Faith: Finding comfort in God’s Word
Have you ever noticed that at times a Bible passage says more to you than it did the last time you read it?
The writer in Hebrews 4.12 says … ”the word of God is living and active.” The idea is not that God’s Word changes it, but that we are changed by the application of the Word to our own setting.
I am pondering this phenomenon as I attempt to write a funeral service. Having been a minister of the Gospel for the past 40-plus years, I suspect that I have written about 400 to 500 funeral sermons; the one I am writing today is different.
The difference I realize lies within my association with the deceased. I attended both of my parents’ funerals and even said a few words, but it was not my duty to carry the words of comfort to the assembled congregation. I have even been privileged to officiate the burial services for dear friends. However, it is again not the same.
The deceased’s name is George, and he very wisely and, might I add, graciously wrote down what he wanted to happen and even included the songs he wanted played at his funeral. Anticipating one of my questions, he left a note about his favorite passage and ones he wanted to have read. His desire was that I include the Gospel, you know the very essence of the Bible, where God sends His son to save the world.
George was emphatic that I include that in the eulogy. It was what he lived by and had his hope in. I have known George all my life, at least as far back as I can remember. When I was young, he could tease me to the point of annoyance. But in the last couple of days, I thought in all those years he never hurt me, with words or actions. He was gracious and kind but in a gruff way, wanting no one to know that he was the impetus behind the action to help.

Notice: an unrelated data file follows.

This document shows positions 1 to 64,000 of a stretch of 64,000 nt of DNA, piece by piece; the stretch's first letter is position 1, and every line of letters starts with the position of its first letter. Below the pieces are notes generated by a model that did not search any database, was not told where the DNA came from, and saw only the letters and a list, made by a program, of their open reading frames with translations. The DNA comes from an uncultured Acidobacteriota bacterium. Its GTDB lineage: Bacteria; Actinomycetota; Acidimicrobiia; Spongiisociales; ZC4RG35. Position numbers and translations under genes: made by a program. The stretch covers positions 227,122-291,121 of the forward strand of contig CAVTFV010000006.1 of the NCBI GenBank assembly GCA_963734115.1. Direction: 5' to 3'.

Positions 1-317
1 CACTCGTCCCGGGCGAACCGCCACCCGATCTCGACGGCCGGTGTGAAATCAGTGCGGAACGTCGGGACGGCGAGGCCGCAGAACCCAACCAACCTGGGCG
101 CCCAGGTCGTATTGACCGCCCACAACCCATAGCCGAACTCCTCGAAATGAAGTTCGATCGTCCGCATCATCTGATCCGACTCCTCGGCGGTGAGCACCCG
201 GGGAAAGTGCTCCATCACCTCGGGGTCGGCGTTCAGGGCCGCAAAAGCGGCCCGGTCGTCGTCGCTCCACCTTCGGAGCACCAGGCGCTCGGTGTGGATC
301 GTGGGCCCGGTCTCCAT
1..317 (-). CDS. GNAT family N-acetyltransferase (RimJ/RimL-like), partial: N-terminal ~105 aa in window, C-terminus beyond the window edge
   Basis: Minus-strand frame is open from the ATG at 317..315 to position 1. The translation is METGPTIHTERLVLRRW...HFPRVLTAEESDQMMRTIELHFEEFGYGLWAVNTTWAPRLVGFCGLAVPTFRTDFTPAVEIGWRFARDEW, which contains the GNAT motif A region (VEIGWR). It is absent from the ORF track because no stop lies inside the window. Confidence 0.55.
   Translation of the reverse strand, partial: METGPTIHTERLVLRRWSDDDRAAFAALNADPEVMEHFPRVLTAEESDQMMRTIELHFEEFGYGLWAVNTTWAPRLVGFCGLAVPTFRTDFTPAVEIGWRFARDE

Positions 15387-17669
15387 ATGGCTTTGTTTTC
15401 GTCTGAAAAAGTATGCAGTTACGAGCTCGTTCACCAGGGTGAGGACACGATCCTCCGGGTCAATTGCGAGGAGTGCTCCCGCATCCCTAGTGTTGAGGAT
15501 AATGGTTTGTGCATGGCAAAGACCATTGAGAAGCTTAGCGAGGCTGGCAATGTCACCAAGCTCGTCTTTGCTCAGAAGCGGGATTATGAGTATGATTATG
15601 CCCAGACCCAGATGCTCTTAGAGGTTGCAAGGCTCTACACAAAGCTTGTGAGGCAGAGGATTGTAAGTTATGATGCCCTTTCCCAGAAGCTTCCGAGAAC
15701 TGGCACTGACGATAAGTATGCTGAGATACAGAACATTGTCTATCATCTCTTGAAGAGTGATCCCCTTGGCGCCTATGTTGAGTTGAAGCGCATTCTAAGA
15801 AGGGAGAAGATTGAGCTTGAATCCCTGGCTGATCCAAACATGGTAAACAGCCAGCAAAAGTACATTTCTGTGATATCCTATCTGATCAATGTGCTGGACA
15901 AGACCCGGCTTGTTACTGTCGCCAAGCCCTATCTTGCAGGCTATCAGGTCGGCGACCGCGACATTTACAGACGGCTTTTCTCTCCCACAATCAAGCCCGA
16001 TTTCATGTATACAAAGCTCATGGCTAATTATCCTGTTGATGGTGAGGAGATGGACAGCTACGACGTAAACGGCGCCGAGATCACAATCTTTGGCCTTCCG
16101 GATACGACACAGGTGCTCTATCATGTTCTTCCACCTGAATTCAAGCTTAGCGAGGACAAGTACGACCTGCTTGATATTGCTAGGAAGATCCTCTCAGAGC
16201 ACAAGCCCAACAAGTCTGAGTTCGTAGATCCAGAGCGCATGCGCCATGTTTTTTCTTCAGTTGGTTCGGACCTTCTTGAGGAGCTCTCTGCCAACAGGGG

What makes it different this time is the words that I speak and the Scriptures that I read have to speak above all to my own heart. George was my older brother, and as he said a couple of weeks ago, he was going to the hospital, then he would be going home one way or another.
George went home to Jesus Saturday night. And the words of Paul to the Corinthians in the 15th chapter tug at my heart like never before: ”But when this perishable will have put on the imperishable, and this mortal will have put on immortality, then will come about the saying that is written. Death is swallowed up in victory. 55 O death, where is your victory? O death, where is your sting? 56 The sting of death is sin, and the power of sin is the law; 57 but thanks be to God, who gives us the victory through our Lord Jesus Christ.”
I cannot stop with those words I have to remember. Thessalonians 4 “For the Lord Himself will descend from heaven with a shout, with the voice of the archangel and with the trumpet of God, and the dead in Christ will rise first. 17 Then we who are alive and remain will be caught up together with them in the clouds to meet the Lord in the air, and so we shall always be with the Lord. 18 Therefore comfort one another with these words.”
So I really feel the comfort knowing that these verses apply to me in a very real way, but then I am fortunate that I had a brother that knew Jesus and he made sure he helped me to know Him too. If you don’t have a relationship with Jesus, then He invites you to start one.
Dr. L.S. Middleton is the senior minister at Craig Christian Church.
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